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Products Liability? Prove It

September 26, 2017

Under South Carolina law, a products liability case may be founded in several theories, including warranty. Regardless of the chosen theory, however, a plaintiff must establish (1) he was injured by the product; (2) at the time of the accident the product was in essentially the same condition as when it left the hands of defendant; and, (3) the injury occurred because the product was in a defective condition unreasonably dangerous to the user. Regardless of the theory, competent expert testimony is required to establish the defective and unreasonably dangerous condition of the product as well as the proximate cause of injury.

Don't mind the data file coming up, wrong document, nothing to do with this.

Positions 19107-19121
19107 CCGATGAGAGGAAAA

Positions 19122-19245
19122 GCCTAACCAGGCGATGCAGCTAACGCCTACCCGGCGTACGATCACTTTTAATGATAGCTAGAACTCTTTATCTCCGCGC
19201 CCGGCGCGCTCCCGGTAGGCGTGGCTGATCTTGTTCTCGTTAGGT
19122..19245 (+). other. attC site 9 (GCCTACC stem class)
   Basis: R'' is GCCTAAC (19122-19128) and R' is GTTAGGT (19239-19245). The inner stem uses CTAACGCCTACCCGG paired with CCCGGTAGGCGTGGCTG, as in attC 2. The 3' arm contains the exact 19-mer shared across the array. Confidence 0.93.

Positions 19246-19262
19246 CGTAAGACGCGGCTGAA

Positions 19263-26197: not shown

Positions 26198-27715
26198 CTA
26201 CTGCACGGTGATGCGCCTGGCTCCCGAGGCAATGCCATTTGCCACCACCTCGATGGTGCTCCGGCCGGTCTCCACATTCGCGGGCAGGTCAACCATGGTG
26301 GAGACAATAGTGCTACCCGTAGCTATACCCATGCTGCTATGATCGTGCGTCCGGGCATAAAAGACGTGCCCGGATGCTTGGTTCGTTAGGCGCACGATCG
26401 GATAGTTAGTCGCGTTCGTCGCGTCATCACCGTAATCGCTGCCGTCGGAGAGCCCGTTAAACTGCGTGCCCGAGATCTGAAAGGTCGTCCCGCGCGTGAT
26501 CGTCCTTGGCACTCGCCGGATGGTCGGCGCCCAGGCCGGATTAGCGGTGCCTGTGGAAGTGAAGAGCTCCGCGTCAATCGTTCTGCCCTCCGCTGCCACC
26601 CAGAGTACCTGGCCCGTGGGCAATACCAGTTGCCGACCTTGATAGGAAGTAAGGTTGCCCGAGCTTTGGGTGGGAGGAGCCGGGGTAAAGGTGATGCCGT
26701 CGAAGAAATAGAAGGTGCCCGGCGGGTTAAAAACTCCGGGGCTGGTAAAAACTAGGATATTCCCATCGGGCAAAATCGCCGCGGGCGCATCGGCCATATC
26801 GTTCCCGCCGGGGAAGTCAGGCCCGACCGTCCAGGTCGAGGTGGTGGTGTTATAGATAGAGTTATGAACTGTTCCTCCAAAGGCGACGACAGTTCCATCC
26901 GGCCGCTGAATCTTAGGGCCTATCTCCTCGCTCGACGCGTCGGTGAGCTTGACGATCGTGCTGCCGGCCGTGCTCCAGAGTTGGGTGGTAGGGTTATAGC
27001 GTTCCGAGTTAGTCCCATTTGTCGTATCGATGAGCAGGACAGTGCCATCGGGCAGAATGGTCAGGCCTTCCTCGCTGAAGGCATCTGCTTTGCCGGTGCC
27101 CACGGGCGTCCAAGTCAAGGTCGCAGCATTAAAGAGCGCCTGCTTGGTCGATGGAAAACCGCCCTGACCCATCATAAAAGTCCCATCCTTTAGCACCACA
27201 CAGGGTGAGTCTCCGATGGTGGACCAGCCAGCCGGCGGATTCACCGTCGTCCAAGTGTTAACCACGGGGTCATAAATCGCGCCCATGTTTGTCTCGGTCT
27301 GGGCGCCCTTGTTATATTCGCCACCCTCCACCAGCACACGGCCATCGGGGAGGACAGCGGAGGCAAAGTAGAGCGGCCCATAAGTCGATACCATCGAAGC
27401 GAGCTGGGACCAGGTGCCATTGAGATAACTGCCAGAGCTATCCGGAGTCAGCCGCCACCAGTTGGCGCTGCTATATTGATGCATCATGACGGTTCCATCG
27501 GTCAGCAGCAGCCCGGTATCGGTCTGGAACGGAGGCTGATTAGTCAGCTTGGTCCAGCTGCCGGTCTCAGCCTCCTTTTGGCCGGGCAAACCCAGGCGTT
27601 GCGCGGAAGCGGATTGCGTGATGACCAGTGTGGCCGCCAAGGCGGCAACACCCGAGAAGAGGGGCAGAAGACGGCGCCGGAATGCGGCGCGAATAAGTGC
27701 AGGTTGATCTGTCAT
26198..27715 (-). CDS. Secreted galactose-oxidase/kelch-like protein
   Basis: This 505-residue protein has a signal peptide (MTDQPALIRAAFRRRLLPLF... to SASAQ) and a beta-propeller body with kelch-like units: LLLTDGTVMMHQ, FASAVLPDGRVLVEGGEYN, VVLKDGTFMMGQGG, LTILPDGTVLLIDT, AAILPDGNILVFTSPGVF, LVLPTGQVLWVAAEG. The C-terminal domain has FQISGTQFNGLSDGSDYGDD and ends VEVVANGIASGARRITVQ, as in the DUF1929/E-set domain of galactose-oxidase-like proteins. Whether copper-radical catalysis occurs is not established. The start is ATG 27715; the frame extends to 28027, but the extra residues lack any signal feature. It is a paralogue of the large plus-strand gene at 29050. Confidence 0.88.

Sitting in diversity jurisdiction, our district court recently visited the issue of expert testimony required in a products liability case.  Green v.  The Bradley Company and HMU, LLC, 2017 WL 401229 (September 9, 2017). In Green, HMU sold The Bradley Company (TBC) remanufactured systems furniture stations for office installation.  TGI, a purchaser of a number of these furniture stations experienced issues with the top of the desk assembly moving from underlying cantilevers. Upon TGI’s complaint, HMU inspected each workstation at TGI’s facility and made corrections to a significant number of them.  Thereafter, Plaintiff, an employee of TGI, was sitting at her furniture station when the work surface collapsed on her legs, causing injury. Plaintiff filed suit in the Court of Common Pleas for Richland County asserting causes of action in negligence, breach of the implied warranty of merchantability and breach of the implied warranty of fitness for a particular purpose.  HMU removed the case to district court then moved to dismiss the action. Upon reconsideration, the motion to dismiss as to the negligence claim was granted. HMU then filed its initial Motion to Exclude the testimony of Plaintiff’s expert arguing that because neither the desk at issue nor an exact replica were available for inspection, the expert could not demonstrate the desk in question was defective nor any other essential elements of Plaintiff’s claims.